A forward contract can be settled in two ways: Delivery or Cash Settlement.
In case of a deliverable forward contract, the party that is short the forward contract will actually deliver the underlying asset to the party that is long the forward contract. The underlying will be delivered on the settlement date or the expiration date as specified in the contract. The underlying will be delivered and the forward price will be received.
In case of a cash settled forward contract, the party for whom the contract has a negative value will pay the amount of negative value to the party with the positive value.
Consider our previous example where Party A will buy the T-bill from Party B at a price of $985 30 days from now. If the T-bill has a price of $990 on settlement date, then the contract has a positive value of $5 for Part A and an equivalent negative value for Party B. In this case, Party B will complete the contract by paying $5 to Party A. If, on the other hand, the T-bill price was $980 on settlement date, then Party A would have to pay $5 to Party B to fulfill the contract. In both cases, the cost of the T-bill has been fixed at $985. If Party A purchased the T-bill from the market, it will pay $980 for it but will also paid $5 to Party B under the forward contract making the total cost equal to $985.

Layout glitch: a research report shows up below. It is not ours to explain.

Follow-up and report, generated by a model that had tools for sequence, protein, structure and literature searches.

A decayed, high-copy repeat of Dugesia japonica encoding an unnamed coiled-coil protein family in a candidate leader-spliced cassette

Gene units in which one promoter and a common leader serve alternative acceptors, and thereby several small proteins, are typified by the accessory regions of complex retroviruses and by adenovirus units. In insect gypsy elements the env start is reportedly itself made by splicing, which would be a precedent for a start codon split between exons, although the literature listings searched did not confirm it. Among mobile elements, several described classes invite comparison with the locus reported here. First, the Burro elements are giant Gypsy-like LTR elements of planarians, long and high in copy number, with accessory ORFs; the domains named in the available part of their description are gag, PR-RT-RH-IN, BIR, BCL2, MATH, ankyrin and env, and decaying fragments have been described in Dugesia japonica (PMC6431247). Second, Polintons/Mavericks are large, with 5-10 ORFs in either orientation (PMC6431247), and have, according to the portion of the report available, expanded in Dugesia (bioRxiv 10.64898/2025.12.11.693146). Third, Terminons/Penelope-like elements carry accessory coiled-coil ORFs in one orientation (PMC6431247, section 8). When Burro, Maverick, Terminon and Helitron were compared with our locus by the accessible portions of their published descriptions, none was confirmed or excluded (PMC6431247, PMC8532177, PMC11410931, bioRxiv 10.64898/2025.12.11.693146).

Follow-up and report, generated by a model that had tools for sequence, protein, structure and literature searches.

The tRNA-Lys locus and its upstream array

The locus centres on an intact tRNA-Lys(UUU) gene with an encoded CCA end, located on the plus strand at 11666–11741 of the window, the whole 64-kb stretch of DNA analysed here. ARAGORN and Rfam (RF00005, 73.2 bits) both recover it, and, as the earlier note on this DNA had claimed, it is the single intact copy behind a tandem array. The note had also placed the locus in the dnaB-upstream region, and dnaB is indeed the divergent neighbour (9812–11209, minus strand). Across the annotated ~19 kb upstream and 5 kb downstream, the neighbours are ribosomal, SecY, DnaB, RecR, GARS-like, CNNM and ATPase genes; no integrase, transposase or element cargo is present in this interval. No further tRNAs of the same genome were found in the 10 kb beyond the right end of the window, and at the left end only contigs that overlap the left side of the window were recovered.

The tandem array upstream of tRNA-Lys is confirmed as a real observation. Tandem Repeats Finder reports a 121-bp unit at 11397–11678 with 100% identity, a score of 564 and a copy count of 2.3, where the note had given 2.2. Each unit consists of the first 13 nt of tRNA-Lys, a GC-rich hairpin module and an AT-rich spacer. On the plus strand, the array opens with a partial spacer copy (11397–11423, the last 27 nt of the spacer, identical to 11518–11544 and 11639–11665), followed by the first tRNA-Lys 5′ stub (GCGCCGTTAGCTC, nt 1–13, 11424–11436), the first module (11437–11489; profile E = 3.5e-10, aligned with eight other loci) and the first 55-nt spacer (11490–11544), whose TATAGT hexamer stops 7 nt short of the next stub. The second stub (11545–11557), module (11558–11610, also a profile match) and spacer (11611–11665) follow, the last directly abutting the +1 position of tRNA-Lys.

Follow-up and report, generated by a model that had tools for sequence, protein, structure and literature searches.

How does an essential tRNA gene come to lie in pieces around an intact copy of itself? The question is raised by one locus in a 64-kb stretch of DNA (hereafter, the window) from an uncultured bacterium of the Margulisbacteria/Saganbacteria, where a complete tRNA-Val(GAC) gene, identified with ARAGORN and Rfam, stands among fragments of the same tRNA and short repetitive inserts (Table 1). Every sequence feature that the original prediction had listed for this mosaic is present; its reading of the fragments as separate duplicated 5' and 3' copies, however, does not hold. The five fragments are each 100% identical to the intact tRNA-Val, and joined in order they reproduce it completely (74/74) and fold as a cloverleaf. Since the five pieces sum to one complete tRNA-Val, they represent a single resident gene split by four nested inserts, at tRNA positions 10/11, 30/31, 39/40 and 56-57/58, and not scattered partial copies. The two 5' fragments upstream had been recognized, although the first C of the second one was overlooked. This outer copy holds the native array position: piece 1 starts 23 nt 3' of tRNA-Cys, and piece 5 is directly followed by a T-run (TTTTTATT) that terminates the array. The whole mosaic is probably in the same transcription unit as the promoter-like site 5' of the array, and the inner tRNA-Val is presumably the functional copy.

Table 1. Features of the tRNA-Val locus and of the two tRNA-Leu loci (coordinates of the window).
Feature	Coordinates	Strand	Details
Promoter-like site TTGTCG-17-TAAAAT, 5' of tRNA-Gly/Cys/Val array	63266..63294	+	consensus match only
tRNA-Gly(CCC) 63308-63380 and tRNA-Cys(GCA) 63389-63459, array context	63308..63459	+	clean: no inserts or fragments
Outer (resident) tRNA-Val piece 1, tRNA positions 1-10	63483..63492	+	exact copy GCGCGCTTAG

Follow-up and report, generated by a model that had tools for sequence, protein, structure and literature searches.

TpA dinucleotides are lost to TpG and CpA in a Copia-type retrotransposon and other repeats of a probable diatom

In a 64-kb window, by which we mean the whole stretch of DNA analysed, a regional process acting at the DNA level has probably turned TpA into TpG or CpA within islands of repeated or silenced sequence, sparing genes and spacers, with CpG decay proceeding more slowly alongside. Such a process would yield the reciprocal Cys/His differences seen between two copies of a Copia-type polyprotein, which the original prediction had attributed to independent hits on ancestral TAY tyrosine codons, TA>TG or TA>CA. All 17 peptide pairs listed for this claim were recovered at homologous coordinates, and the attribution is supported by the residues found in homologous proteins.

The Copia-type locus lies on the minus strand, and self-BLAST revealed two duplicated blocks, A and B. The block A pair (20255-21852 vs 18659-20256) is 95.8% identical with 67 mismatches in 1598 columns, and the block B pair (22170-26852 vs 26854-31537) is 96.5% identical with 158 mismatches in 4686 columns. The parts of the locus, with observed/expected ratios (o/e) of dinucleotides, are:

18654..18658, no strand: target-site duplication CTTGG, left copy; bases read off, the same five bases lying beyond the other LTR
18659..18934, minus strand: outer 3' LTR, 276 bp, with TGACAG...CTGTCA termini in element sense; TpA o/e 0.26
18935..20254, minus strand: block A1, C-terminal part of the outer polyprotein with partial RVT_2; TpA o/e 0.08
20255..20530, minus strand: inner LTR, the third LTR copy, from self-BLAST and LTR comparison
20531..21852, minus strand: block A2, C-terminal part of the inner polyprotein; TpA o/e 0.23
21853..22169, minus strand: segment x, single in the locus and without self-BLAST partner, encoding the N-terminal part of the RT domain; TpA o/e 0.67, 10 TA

We can generalize the payment behavior by saying that:
- If the price of the asset is above the forward price, then long receives the payment.
- If the price of the asset is below the forward price, then the short will receive the payment.
In this article we saw how a contract is settled on expiry. In the next article we will look at the scenario where one of the parties wants to terminate the contract prior to the expiration.